Posts Tagged ‘imagetransfers’

Blender Pen Comparison

Hi all! Last week, I posted a short tutorial on how to create image transfers using the Chartpak Ad Blender Marker. Well an art friend in one of the FB groups that I belong to wondered if it would work with a Spectrum Noir Blender. I don’t own one, but I do have a Prismacolor Blender so I set about to do a comparison between the Chartpak & the Prismacolor.

The original images were printed using a laserjet printer. I followed the exact same technique for both pens, the Chartpak and Prismacolor.

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And now, for the results:

The Chartpak AD Blender wins hands down. You’ll see that it even transferred some color from the original image.
The Prismacolor didn’t transfer at all, you just see a wet spot because I went over it again a second time just to be sure that the image was well saturated.

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Hope you found this quick comparison informative.

Thank you for reading and I wish you an art filled week.

How To Create Fast & Easy Image Transfers



Hi again! Today I’m excited to share a product that has been around some time, but is new to me. It’s called a Chartpak Ad Marker Colorless Blender and with it I was able to create these fast and oh-so-easy image transfer tags.

There are just a couple of things to keep in mind when doing these image transfers:

  • This will only work with photo copier or laser jet printed images. This will not work with ink jet images.
  • Use in a well ventilated area.

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  • If the image you want to transfer has lettering that you want to be able to read, you’ll first need to flip it to create a mirror image in Photoshop or some other photo editing program. You can even ask them at your local copy place to flip it before printing.

Ok, so depending on the size of your image, cut it to size and select your substrate. For this demo I’ll be using a tag.

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I decided to first give my tag some color with some Tim Holtz Mini Distress Ink Pads.

2015-06-24 20.28.55I also added a strip of my own washi tape that I recently made to give my tag some visual texture.

Side note: I’ll have a video demo up on the blog this weekend showing you how you can create your own “washi” tape as well… Stay Tuned!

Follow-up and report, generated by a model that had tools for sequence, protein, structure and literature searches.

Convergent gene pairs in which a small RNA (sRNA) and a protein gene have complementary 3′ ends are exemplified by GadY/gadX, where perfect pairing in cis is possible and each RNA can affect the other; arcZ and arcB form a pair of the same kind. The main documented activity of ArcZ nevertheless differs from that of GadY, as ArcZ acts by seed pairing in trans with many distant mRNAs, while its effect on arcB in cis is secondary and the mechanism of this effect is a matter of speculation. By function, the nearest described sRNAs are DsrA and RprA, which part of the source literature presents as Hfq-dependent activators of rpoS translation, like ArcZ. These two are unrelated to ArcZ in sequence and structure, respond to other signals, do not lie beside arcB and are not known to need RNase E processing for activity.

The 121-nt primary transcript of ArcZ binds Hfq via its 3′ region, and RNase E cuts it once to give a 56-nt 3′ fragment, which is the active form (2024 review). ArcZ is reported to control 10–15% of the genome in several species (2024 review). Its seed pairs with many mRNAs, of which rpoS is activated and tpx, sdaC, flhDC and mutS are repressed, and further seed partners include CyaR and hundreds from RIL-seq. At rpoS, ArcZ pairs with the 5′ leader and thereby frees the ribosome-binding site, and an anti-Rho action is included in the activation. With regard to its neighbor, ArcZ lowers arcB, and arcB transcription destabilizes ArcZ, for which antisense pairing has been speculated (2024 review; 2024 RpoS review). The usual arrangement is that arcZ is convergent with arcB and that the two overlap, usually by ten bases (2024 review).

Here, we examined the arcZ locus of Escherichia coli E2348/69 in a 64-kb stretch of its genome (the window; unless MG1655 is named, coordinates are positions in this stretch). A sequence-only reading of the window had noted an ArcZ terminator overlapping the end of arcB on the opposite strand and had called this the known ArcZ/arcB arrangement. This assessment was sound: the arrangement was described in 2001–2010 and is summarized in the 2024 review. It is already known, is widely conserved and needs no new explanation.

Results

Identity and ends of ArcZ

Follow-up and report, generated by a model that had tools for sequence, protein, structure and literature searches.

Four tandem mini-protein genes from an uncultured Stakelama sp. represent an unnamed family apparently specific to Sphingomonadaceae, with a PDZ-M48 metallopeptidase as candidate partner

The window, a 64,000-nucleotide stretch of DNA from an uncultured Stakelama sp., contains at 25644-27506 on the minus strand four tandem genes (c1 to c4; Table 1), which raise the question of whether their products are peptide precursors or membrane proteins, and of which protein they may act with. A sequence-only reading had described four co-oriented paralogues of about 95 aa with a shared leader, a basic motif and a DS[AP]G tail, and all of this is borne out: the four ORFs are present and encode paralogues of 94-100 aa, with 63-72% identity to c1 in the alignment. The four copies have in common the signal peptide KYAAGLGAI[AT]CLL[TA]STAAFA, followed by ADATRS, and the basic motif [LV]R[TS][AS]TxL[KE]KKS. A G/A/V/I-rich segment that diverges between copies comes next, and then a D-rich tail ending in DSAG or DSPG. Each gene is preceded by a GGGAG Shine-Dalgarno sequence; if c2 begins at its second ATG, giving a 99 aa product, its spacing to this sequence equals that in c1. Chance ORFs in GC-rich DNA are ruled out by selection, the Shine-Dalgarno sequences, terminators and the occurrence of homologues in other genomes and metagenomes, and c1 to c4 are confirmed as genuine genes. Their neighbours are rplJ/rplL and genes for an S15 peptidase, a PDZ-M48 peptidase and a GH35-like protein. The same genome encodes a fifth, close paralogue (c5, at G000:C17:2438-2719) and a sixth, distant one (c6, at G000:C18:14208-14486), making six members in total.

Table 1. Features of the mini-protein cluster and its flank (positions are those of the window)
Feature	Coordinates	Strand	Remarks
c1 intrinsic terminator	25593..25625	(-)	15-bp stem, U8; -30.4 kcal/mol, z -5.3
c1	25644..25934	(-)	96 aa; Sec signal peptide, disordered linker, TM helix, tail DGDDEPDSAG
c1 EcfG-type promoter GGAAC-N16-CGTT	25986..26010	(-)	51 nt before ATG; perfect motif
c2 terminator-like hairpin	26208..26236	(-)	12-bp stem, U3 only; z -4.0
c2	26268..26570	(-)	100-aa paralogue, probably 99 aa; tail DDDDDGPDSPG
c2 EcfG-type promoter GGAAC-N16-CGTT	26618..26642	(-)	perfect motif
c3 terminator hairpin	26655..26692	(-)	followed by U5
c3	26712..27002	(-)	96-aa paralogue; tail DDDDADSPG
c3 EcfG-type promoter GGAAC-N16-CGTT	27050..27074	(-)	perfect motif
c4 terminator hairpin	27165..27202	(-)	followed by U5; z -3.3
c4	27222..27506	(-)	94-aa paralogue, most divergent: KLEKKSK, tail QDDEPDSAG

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I positioned my image, face down, onto my tag and secured it with a bit of tape.

2015-06-24 20.37.53Using long strokes, rather than a back and forth motion, I colored over the back of the image. You can see that the image will show through the paper, making it easy for you to make sure that you saturated all of it.

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The next step is very important. It’s time to burnish the back of the image, helping the saturated image to transfer onto your substrate. You can use something like the back of a spoon, a piece of slick paper, or a bone folder, which is what I used.

Burnish it a bit and check to see if your image has transferred. If so, remove the tape and image and you’re done, easy as that!

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To finish off my tag I added some stitching along one edge, pen marks along the others, a stamped sentiment, some sari ribbon and called it a success!

2015-06-25 08.36.04This image transfer was made with the gorgeous artwork of Therése Rosier. She is an amazing artist, just check out her Face Book Page. I just added some distressed inks, a stamped sentiment, some embellies and ribbon.

2015-06-25 08.36.30I included this one so you can see what it looks like if you don’t mirror the image before doing the transfer, if it has lettering.

Because the lettering isn’t the focal point here, It doesn’t bother me that it’s reversed. You can decide for yourself if it’s an issue. If it is, flipping it is really easy and it can even be done on PicMonkey, a free photo editing site.

Thanks for reading!


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